BIOE Seminar: Microenvironmental Regulation of Blood Vessel Differentiation & Assembly

Friday, February 18, 2022
9:00 a.m.-10:00 a.m.
Dr. Kim Stroka

Sharon Gerecht
Department of Biomedical Engineering
Duke University

This event will be offered in a online format. For those who wish to attend, login details will be sent to current BIOE faculty, affiliates, students, postdocs, and those who have previously asked to subscribe to our seminars listserv. If you do not currently receive our weekly seminars emails but you wish to attend this event, please email Alyssa Tomlinson (

Microenvironmental regulation of blood vessel differentiation and assembly

Vascular differentiation and formation (morphogenesis) and eventual homeostasis occur in a complex milieu. Two aspects of this microenvironment seem critical for blood vessel growth and stabilization: (i) the extracellular matrix, which provides critical support for vascular cell adhesion, proliferation, migration, and morphogenesis, and (ii) low oxygen concentrations (hypoxia), which is a critical factor promoting vascularization during embryonic development, injury, and tumor growth. In this talk, I will present our recent efforts to develop and use engineering approaches to understand how these physicochemical cues and downstream signaling pathways impact vascular fate and assembly, leading to fundamental knowledge and future therapeutics.

About the Speaker

Dr. Gerecht is a Professor in the Department of Biomedical Engineering at Duke University. She is a global expert in vascular and stem cell biology and engineering, including pioneering engineering principles to understand and harness cell fate decisions for therapeutic developments. She and her lab team study how the microenvironment modulates stem cell fate, differentiation, and tissue assembly. These include understanding how various properties of the extracellular matrix modulate cellular responses and how oxygen gradients regulate tissue performance. They develop biomaterials to guide morphogenesis through sequential activation of signaling pathways to form functional tissues and use a range of disease and injury models to delineate these mechanisms in vivo.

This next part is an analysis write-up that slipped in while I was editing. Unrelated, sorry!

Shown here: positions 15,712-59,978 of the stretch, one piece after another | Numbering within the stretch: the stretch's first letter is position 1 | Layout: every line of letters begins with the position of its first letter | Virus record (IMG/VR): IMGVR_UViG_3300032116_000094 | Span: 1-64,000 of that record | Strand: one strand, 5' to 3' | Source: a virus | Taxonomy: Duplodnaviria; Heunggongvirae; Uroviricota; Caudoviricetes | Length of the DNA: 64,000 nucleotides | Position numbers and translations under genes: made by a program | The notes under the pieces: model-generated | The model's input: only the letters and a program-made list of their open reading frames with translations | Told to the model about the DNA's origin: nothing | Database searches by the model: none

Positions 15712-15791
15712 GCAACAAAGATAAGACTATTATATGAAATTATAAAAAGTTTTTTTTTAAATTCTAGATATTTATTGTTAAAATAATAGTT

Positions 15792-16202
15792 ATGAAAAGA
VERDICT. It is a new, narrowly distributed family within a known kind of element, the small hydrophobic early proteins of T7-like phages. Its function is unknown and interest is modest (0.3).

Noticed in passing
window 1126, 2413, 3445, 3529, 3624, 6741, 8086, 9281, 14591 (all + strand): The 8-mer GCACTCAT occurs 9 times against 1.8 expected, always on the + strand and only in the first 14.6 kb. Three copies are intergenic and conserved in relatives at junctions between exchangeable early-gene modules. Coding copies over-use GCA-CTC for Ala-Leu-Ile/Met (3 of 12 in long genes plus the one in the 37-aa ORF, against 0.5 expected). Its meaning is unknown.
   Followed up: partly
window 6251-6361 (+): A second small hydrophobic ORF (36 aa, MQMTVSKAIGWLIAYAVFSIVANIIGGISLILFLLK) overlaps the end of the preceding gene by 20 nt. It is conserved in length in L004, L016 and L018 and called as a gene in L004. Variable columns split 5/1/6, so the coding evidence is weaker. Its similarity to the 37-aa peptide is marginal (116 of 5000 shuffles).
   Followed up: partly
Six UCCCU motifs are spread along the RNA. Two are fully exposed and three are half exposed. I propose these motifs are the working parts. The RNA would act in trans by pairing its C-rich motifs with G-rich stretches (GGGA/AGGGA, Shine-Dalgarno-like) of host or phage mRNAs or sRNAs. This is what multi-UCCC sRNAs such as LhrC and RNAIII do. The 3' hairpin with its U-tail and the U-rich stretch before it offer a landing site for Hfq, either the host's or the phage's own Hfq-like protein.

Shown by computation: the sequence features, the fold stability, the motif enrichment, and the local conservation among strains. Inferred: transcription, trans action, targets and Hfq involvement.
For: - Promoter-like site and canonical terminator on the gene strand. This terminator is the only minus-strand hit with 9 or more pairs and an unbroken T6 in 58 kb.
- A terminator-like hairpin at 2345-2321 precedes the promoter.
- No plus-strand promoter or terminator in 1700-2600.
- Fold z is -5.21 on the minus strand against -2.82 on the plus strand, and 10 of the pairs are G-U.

Dr. Gerecht is the recipient of the Allan C. Davis Medal from the Maryland Academy of Sciences (2008), the North America Vascular Biology Organization Junior Investigator Award (2009), the Basil O’Connor Starter Scholar Research Award from the March of Dimes Foundation (2009-2011), the National Scientist Development Award (2008-2012) and Established Investigator Award (2014-2019) both from the American Heart Association, the National Science Foundation CAREER award (2011-2016), the W.W. Smith Charitable Trust Heart award (2014-2017), and the JHU Inaugural President’s Frontier Award (2015). Dr. Gerecht is an elected Fellow of the American Institute for Medical and Biological Engineering (2016), an elected Member of the National Academy of Medicine (2019), and an elected fellow of the American Association for the Advancement of Sciences (2020) and the National Academy of Inventors  (2020). She is the author of more than 150 papers, book chapters, and patents in her field.


Audience: Public 

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